Day 72+8: the Opera Norma


Above is the interior of the Opera House, and an interior shot of the lobby. You can read an excerpt of the opera I attended tonite below.


Gaul, 50 BCE, during the Roman occupation.

In a forest at night, the priest Oroveso leads the Druids in a prayer for revenge against the conquering Romans. After they have left, the Roman proconsul Pollione admits to his friend Flavio that he no longer loves the high priestess Norma, Oroveso’s daughter, with whom he has two children. He has fallen in love with a young novice priestess, Adalgisa, who returns his love. Flavio warns him against Norma’s anger. The Druids assemble and Norma prays to the moon goddess for peace. She tells her people that as soon as the moment for their uprising against the conquerors arrives, she herself will lead the revolt. At the same time, she realizes that she could never harm Pollione. When the grove is deserted, Adalgisa appears and asks for strength to resist Pollione. He finds her crying and urges her to flee with him to Rome. She agrees to renounce her vows.

Norma tells her confidante Clotilde that Pollione has been recalled to Rome. She is afraid that he will desert her and their children. Adalgisa confesses to Norma that she has a lover. Recalling the beginning of her own love affair, Norma is about to release Adalgisa from her vows and asks for the name of her lover. As Pollione appears, Adalgisa answers truthfully. Norma’s kindness turns to fury. She tells Adalgisa about her own betrayal by the Roman soldier. Pollione confesses his love for Adalgisa and asks her again to come away with him, but she refuses and vows she would rather die than steal him from Norma.


Norma, dagger in hand, tries to bring herself to murder her children in their sleep to protect them from living disgracefully without a father. She changes her mind and summons Adalgisa, advising her to marry Pollione and take the children to Rome. Adalgisa refuses: she will go to Pollione, but only to persuade him to return to Norma. Overcome by emotion, Norma embraces her, and the women reaffirm their friendship.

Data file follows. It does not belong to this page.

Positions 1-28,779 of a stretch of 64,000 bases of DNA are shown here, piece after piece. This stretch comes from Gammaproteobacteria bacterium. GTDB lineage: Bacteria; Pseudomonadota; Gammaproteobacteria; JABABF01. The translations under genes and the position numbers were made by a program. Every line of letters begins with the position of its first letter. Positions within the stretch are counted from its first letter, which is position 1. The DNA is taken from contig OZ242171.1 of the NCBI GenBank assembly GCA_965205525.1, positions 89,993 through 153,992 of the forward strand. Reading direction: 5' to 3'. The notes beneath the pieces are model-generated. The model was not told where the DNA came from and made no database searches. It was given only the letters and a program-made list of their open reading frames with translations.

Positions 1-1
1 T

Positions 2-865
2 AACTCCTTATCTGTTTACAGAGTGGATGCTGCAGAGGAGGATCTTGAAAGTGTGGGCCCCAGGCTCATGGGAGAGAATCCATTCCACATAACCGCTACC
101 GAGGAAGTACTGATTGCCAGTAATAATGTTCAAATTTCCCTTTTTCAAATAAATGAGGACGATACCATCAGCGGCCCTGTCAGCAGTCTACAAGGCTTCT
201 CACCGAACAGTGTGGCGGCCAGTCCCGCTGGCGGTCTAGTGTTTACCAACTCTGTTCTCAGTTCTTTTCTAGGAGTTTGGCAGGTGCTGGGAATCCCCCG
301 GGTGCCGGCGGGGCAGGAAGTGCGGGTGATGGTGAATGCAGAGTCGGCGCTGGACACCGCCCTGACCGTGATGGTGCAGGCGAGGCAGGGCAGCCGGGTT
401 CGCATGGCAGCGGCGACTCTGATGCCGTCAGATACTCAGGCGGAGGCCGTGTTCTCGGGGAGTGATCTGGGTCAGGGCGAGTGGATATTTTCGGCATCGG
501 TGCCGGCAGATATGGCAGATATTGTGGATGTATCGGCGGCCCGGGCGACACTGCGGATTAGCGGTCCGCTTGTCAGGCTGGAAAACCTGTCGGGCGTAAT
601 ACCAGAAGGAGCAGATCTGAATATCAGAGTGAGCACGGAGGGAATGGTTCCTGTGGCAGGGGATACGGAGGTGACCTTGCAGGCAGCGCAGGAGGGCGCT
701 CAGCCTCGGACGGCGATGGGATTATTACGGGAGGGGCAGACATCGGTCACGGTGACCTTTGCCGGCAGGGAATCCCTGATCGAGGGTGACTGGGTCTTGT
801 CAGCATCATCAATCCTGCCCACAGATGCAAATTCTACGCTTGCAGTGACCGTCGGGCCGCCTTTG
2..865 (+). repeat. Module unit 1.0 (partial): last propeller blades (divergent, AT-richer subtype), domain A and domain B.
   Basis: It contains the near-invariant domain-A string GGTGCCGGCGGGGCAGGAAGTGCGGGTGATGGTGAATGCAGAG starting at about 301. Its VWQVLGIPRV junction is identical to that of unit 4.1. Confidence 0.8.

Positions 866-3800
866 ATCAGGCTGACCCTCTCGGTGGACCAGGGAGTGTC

The Druids assemble at their altar to hear Oroveso’s announcement that a new commander will replace Pollione. Oroveso rages against the Roman oppression, but tells the Druids that they must be patient to ensure the success of the eventual revolt.

Norma is stunned to hear from Clotilde that Adalgisa’s pleas have not persuaded Pollione, and in a rage she urges her people to attack the conquerors. Oroveso demands a sacrificial victim, and just then Pollione is brought in, having profaned the sanctuary. Alone with him, Norma promises him his freedom if he will leave Adalgisa and return to her. When he refuses, Norma threatens to kill him and their children, and to punish Adalgisa. She calls in the Druids and tells them that a guilty priestess must die, then confesses that she is referring to herself. Moved by her nobility, Pollione asks to share her fate. Norma begs Oroveso to watch over her children, then leads her lover to the pyre.

And the introduction by David Gockley, General Manager:

And an excerpt if you are interested:

Day 71+9: Makin’ Whoopee


Returning home creates a yearning to reproduce some of the delicious dishes I ate on the trip. This reminds me of the appetizer I had in Samarkand, with beets, carrots, cilantro, meaty peas, and a light dusting of diced pickles. I noticed in these cold starters that making tiny morsels seemed to make each bite more meaningful, more delicious. And thus more attention to detail makes the journey of eating more exciting.


1. Home made version, with celery and carrots instead of peas and pickles
2. Restaurant version, with a few wiry cabbage strips, peas, beets and pickles

Day 69+11 of 80 Days Around the World


In my initial plan I overlooked the possibility of capitalizing on the theme of 80 days around the world. I also thought that many of my friends outside the US would like to see what “home” here in San Francisco is like. So, let’s make it an even 80. I am attaching the next 12 days back in San Francisco as an addendum to my blog for my German, Chinese and friends of other nationalities so they can appreciate what home here in the US is to me.

Day 69: San Francisco Sunset District Steps: see the following for a project in our neighborhood:

Gee Kin was part of the planning and implementation of two beautifully designed tiled steps in the Sunset District where we live.

On my first day back, we decided to keep the Asian influence alive so we had lunch at King of Noodle.